Jerome David Salinger was born in New York City in 1919. The son of a wealthy cheese importer, Salinger grew up in Manhattan and spent his youth being shuttled between various prep schools before his parents finally settled on the Valley Forge Military Academy in 1934. He graduated from Valley Forge in 1936 and attended a number of colleges, including Columbia University, but did not graduate from any of them. While at Columbia, Salinger took a creative writing class in which he excelled, cementing the interest in writing that he had maintained since his teenage years. Salinger had his first short story published in 1940; he continued to write as he joined the army and fought in Europe during World War II. Upon his return to the United States and civilian life in 1946, Salinger wrote more stories, publishing them in many respected magazines. In 1951, Salinger published his only full-length novel, The Catcher in the Rye, which propelled him onto the national stage.
In the same year that The Catcher in the Rye appeared, Salinger published a short story in The New Yorker magazine called “A Perfect Day for Bananafish,” which proved to be the first in a series of stories about the fictional Glass family. Over the next decade, other “Glass” stories appeared in the same magazine: “Franny,” “Zooey,” and “Raise High the Roof-Beam, Carpenters.” These and other stories are available in the only other books Salinger published besides The Catcher in the Rye: Nine Stories (1953), Franny and Zooey (1961), and Raise High the Roof-Beam, Carpenters and Seymour: An Introduction(1963). Though Nine Stories received some critical acclaim, the critical reception of the later stories was hostile. Critics generally found the Glass siblings to be ridiculously and insufferably precocious and judgmental.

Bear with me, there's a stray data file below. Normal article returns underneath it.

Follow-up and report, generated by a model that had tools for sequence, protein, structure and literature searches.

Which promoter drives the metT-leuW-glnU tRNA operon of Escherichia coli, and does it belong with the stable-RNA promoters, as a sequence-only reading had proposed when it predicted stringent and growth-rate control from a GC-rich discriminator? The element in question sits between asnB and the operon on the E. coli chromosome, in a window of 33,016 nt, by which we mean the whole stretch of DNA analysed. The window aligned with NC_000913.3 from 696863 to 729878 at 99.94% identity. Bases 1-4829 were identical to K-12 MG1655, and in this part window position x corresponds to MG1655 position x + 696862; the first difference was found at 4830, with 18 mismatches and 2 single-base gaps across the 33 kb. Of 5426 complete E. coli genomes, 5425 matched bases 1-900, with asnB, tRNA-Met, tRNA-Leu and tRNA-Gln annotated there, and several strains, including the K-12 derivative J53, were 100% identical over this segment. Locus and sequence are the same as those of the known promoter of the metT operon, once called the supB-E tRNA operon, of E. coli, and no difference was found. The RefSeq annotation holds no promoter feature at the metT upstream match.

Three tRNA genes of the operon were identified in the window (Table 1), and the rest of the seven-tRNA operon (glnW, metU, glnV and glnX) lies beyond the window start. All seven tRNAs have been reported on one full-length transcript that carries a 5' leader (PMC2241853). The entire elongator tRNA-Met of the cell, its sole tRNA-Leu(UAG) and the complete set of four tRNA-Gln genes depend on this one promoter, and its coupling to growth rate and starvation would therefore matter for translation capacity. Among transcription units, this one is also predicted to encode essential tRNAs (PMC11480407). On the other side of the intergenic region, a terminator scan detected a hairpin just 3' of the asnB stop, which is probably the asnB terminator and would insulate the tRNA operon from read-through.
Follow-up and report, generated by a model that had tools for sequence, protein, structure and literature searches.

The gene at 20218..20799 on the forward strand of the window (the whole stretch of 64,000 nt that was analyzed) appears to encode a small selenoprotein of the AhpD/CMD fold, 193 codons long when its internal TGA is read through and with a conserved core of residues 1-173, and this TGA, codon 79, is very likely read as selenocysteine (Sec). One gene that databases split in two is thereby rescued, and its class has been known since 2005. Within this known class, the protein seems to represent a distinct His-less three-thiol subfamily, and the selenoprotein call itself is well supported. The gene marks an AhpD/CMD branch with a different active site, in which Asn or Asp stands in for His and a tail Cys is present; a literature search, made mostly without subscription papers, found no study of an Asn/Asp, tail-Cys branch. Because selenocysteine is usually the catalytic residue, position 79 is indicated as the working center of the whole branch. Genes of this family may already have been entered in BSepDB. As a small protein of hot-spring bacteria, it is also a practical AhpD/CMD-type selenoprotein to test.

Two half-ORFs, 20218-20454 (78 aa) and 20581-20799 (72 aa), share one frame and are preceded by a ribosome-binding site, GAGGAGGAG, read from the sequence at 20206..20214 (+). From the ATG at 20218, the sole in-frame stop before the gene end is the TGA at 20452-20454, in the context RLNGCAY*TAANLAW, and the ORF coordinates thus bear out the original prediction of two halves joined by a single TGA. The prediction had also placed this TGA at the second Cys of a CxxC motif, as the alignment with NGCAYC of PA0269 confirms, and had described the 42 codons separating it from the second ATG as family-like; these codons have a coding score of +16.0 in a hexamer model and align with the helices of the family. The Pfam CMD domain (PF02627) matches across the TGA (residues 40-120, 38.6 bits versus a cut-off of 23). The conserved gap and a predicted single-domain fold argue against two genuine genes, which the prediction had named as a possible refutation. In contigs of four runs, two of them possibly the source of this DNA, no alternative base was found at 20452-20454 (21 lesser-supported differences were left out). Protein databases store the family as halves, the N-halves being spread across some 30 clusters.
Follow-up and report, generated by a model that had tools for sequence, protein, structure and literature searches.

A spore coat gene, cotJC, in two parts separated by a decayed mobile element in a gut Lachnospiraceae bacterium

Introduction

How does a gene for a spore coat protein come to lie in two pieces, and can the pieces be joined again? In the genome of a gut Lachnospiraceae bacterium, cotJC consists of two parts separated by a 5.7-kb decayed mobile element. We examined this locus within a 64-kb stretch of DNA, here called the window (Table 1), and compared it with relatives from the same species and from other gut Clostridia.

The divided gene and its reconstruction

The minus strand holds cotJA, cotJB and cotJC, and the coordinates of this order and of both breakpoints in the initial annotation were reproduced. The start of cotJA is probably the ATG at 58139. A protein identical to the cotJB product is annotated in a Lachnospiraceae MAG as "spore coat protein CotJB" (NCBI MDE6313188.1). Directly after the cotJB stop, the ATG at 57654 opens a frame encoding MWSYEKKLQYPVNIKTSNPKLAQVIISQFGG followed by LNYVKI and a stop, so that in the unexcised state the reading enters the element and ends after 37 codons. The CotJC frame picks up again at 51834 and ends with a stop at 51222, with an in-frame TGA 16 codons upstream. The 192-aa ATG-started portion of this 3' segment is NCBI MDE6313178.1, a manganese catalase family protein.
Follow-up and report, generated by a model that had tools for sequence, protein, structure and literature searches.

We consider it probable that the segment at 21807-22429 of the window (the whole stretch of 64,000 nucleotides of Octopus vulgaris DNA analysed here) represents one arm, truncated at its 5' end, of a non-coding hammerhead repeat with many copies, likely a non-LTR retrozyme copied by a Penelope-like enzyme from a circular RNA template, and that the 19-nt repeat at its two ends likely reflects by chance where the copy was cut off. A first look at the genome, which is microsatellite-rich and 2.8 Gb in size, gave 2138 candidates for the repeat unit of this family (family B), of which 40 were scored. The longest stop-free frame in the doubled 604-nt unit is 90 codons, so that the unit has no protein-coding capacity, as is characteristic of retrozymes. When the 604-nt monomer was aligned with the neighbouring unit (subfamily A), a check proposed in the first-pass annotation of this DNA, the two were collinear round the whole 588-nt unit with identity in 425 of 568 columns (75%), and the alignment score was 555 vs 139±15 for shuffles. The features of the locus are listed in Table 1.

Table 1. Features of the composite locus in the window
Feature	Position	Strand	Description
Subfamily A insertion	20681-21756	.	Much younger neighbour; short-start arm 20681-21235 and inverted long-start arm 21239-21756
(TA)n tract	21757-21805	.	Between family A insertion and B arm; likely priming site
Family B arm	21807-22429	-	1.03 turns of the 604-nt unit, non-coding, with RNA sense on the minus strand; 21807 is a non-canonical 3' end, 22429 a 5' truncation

Beginning in the early 1960s, as his critical reputation waned, Salinger began to publish less and to disengage from society. In 1965, after publishing another Glass story (“Hapworth 26, 1924”) that was widely reviled by critics, he withdrew almost completely from public life, a stance he has maintained up to the present. This reclusiveness, ironically, made Salinger even more famous, transforming him into a cult figure. To some degree, Salinger’s cult status has overshadowed, or at least tinged, many readers’ perceptions of his work. As a recluse, Salinger, for many, embodied much the same spirit as his precocious, wounded characters, and many readers view author and characters as the same being. Such a reading of Salinger’s work clearly oversimplifies the process of fiction writing and the relationship between the author and his creations. But, given Salinger’s iconoclastic behavior, the general view that Salinger was himself a sort of Holden Caulfield is understandable.
The few brief public statements that Salinger made before his death in 2010 suggested that he continued to write stories, implying that the majority of his works might not appear until after his death. Meanwhile, readers have become more favorably disposed toward Salinger’s later writings, meaning that The Catcher in the Rye may one day be seen as part of a much larger literary whole.